September 1st Check-In: Senior Winners for Challenge #1

derby

The competition was fierce on the first Challenge Day for the senior classes. The survivors who made it out of the derby of broken bodies and spirits were:

B2:

  • Robert L.
  • Jasmina V.
  • Andrea H.
  • Garrett L.

B3:

  • Kevin W.
  • Tiger
  • Alex G.

Congratulations!

For those who are “not yets” (as in not yet winners) the work you need to do in order to earn a spot at the victors table next time is below. We are going to go with a September 12th deadline for this work.

Good luck now and in your next challenge!

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Section 1: Geography

  1. List 6 countries of the Warsaw Pact other than the the Soviet Union
  2. What 5 countries comprised British India?
  3. What three African countries were formerly colonized by Belgium?
  4. Name three countries that used to be a part of Yugoslavia
  5. What is the name of the type of map used by European navigators during the Age of Exploration, still widely used in classrooms, that displays highly inaccurate size perspectives on the world.
  6. What is the newest officially recognized country in the world?
  7. What country’s geography is largely defined by the Ganges river basin?
  8. Name 4 US states that were Mexican territory before the Mexican-American war.
  9. Name the four empires that ceased to exist as a direct result of WWI.
  10. What are the 4 IB regions?

Section 2: IB History of the 20th Century: Cold War and Decolonization

  1. Who was the secretary of state under Kennedy?
  2. When were the 13 days? (Exactly)
  3. What countries were given nearly $400 million in aid to prevent the spread of Communism in 1947?
  4. Who was the author of the Long Telegram?
  5. What is the term used to describe the Cold War in the sense that it started in 1917 as a conflict between capitalism and communism?
  6. What is the name of the Cold War theory that suggests that the Cold War was just a smokescreen behind which the USA attempted to secure dominance of the capitalist world?
  7. What document agreed to the formation of the United Nations?
  8. What Congolese leader was an early victim to Cold War maneuvering by the two superpowers?
  9. Who first suggested the formation of the Non-Aligned Movement?
  10. Ironically, the Soviet Union, rather than Germany, found itself facing a two front war in the 70s and 80s with what two potential enemies?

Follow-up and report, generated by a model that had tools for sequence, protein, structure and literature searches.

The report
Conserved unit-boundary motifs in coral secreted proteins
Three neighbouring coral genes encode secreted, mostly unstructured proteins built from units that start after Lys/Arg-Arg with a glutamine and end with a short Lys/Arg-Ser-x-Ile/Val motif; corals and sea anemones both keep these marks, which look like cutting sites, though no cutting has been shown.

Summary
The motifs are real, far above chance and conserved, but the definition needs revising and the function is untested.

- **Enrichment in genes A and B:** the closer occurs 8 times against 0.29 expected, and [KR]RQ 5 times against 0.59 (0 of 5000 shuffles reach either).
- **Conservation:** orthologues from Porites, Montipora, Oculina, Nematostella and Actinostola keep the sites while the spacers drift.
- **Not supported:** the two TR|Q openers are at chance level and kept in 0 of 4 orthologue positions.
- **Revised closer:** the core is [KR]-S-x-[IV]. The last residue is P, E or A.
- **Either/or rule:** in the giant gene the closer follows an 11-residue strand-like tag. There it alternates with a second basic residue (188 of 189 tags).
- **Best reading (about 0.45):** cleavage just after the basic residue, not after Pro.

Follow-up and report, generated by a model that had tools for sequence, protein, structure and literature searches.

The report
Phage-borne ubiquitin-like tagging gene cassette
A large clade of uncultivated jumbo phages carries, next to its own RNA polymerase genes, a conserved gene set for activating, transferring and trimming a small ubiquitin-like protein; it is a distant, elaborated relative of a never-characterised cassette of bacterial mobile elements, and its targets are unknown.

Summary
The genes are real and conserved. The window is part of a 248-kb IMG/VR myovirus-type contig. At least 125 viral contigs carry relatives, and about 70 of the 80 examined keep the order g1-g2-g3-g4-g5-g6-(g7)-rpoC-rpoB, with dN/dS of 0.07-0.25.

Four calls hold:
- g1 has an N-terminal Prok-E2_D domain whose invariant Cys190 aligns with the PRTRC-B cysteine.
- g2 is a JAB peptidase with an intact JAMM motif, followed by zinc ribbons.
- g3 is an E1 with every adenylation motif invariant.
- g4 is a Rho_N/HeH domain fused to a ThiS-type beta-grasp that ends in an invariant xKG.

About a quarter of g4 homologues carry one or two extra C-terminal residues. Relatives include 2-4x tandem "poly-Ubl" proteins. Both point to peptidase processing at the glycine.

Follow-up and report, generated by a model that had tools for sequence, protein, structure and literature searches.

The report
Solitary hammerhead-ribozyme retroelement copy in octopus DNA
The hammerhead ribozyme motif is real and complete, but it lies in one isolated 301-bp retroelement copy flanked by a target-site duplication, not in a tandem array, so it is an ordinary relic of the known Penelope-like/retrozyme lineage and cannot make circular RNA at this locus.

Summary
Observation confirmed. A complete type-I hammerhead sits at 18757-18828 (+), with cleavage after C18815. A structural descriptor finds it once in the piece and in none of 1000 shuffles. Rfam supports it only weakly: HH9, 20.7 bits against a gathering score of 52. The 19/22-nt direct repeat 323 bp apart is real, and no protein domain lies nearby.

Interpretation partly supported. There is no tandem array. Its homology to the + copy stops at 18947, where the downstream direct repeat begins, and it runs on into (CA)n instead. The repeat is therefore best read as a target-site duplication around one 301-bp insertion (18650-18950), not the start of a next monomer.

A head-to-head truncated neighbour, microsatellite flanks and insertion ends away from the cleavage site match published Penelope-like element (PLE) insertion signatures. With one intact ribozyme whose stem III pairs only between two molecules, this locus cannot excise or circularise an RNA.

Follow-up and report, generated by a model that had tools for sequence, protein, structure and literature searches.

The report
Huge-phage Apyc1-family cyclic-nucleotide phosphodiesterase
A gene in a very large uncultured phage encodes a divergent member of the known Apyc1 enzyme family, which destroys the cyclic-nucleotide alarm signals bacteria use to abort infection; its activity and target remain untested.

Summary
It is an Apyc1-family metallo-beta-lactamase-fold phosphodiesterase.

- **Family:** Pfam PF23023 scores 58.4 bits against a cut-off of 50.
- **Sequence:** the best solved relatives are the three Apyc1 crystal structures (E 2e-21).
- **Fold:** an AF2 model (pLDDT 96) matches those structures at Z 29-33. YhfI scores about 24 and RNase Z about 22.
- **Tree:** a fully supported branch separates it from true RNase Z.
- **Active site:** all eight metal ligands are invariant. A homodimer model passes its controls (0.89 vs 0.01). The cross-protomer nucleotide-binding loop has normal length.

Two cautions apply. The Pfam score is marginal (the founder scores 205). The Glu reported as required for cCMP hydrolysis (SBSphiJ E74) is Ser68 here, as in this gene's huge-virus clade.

11. What two major Cold War crises took place in 1956?
  12. What were the names of the two “countries” formed by uniting the British. American and French sectors of the divided West Germany?

Section 3: IB History of the 20th Century: Auth Leaders, Wars, USFP

  1. What were the four key territories the US gained via the SA war?
  2. What was the name of the legislative document that ostensibly turned power over to the Cubans after the SA war?
  3. Who were Stalin’s partners in the Triumvirs?
  4. Name the big three conferences of the Grand Alliance held during WWI.
  5. What was the name of the documentary we watched that addressed LA immigration to the USA?
  6. What was the name of the program that brought Mexican workers to the United States to work during WWII?
  7. What was the battle that signaled the end of the First Indochina War?
  8. What are the two turning point battles of WWII: one from the ET and the other from the PT.
  9. What is the name often used to describe the relationship between connected core and peripheral states?
  10. Who directed “Triumph of the Will”?
  11. Who was the primary German historian who disagreed with Fritz Fischer?
  12. What was the name of the bombing campaign that attempted to beat the North Vietnamese forces into submission toward the end of the VW?

Personal beliefs and perpetual peace

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Objectively (i.e., in theory) there is utterly no conflict between morality and politics. But subjectively (in the self-seeking inclinations of men, which, because they are not based on maxims of reason, must not be called the [sphere of] practice [Praxis]) this conflict will always remain, as well it should; for it serves as the whetstone of virtue, whose true courage (according to the principle, “tu ne cede malis, sed contra audentior ito”) in the present case consists not so much in resolutely standing up to the evils and sacrifices that must be taken on; rather, it consists in detecting, squarely facing, and conquering the deceit of the evil principle in ourselves, which is the more dangerously devious and treacherous because it excuses all our transgressions with an appeal to human nature’s frailty.

― Immanuel Kant, Perpetual Peace and other Essays on Politics, History and Morals


 

Today we started a discussion on one of the oldest idealistic views of our shared life on this planet: cosmopolitanism.

Philosophers, politicians, poets and activists have all embraced the idea, but it has yet to claim a secure position as a defining political activity that actively defines human relations. Perhaps it will never.

Kant’s quote above gets to the heart of this, and speaks to the question I have asked you to consider: What do you bring to the table in a discussion of cosmopolitanism, global politics and human relations? Kant would be more dramatic and ask us to squarely face the “deceit of the evil principle in ourselves,” but we are not going to assume that our transgressions are evil. We are going to assume that we have pre-existing notions and political beliefs that create conflicts between morality and politics–especially on a global scale–and we are going to analyze this potential to determine how it may define our world-view consciously or unconsciously.